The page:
My experience with Eda Play and the ever-growing group of people who used my maskers brought me to a major life decision. One day, I refused a commission for yet more Shakespeare music because I realized that crafting music which helped people made much more sense to me. I decided to produce recordings which would improve the lives of people who, like me, suffered from tinnitus. I decided that the recordings which I intended to start producing would be utterly unique as to their concept, the choice of sounds, and their sound design.
I started to communicate intensely with doctors and therapists who dealt with tinnitus. I read hundreds of books, scientific articles, contributions of individual doctors and professional organizations. I went through dozens of case studies of tinnitus patients and continued communicating with tinnitus sufferers on discussion forums all over the world, asking about their experiences and needs.
Whenever I acquired a sum of new knowledge, I consulted everything with doctors, over and over again. After a year of intense work, I developed methods that seemed the most effective based on my research and experience and tested them on an anonymous sample of about 300 people. The results were exceptional, and I knew I was on the right track.
I wrote a manual – a code of ethics – which precisely defined the rules of each therapy. The manual would be binding for all co-workers who would participate in the recording of albums in the future.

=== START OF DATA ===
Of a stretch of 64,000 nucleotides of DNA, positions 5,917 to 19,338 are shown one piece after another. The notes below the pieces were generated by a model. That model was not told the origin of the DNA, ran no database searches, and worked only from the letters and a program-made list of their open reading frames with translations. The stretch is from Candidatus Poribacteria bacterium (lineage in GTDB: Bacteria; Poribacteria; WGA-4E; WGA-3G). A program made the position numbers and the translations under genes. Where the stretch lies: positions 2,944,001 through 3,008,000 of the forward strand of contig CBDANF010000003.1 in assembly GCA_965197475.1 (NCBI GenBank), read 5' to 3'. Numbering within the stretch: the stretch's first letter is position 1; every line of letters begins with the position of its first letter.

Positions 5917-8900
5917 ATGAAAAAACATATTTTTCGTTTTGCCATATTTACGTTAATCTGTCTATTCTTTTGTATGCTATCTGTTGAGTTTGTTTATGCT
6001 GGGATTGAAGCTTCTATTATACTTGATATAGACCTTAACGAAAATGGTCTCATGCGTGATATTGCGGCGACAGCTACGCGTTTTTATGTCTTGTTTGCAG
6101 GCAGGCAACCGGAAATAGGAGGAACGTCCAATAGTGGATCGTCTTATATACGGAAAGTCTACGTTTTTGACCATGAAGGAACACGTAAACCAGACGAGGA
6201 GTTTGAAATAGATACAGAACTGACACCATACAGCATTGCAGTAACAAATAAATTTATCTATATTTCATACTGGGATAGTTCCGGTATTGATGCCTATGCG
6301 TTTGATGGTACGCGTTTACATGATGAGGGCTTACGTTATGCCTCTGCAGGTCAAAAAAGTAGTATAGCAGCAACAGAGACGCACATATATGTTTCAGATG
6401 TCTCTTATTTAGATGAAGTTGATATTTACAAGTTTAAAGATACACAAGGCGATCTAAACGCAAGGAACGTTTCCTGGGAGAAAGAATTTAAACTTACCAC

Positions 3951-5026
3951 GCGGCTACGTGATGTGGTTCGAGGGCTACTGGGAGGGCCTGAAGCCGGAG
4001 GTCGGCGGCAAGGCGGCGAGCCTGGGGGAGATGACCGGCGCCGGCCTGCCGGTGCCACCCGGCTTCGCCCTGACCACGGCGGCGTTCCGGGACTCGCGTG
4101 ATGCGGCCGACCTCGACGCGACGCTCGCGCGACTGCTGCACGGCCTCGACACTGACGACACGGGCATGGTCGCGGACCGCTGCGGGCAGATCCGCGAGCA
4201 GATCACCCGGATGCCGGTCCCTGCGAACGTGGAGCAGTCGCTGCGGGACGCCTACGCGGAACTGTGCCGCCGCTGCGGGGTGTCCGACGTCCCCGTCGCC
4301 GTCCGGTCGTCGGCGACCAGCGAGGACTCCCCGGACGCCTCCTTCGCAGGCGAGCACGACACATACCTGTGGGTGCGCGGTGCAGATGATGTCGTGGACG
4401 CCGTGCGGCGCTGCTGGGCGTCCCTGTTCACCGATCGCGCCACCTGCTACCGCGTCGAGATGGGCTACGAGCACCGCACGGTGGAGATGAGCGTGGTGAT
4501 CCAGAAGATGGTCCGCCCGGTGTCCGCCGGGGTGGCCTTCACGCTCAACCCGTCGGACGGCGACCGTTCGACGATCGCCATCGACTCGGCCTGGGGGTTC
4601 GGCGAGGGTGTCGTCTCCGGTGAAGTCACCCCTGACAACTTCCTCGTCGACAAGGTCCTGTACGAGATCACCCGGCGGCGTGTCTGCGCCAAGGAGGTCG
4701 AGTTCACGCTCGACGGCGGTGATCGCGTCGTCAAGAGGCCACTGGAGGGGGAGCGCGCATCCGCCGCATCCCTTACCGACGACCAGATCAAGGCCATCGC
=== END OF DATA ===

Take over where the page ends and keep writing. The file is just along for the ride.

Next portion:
I founded and funded a publishing label, a brand for which I gradually started to approach the best music therapists and musicians, a brand under which my team and I started to produce recordings: Tinnitrana Orchestra.
A completely new life
My decision to radically change the direction of my focus helped me escape from the world of advertising and artiness into a new, more authentic, beautiful and adventurous space, to a brand new world where I feel really happy, where my work truly fulfills me.
By the way, we were awarded first prize for Eda Play for the best publicly beneficial advertising project in the Czech Republic. Although it made me happy, working within Tinnitrana Orchestra brings me much more fulfillment than receiving advertising awards.
The most important fact for me is that after eight years from the moment I first noticed the symptoms of tinnitus, I have been able to cope with the disease and build a brand which can help people all around the world. Besides the management of tinnitus, Tinnitrana Orchestra albums are also suitable for individuals who have decided to take care of their physical, mental, social and spiritual well-being, and for those who have decided to work on their personal development to improve their quality of life.
The facts, experiences and reasons that led to the foundation of Tinnitrana Orchestra – a sound-therapy treatment that may help people diagnosed with tinnitus overcome their symptoms on daily basis.
Music Producer / Founder of Tinnitrana Orchestra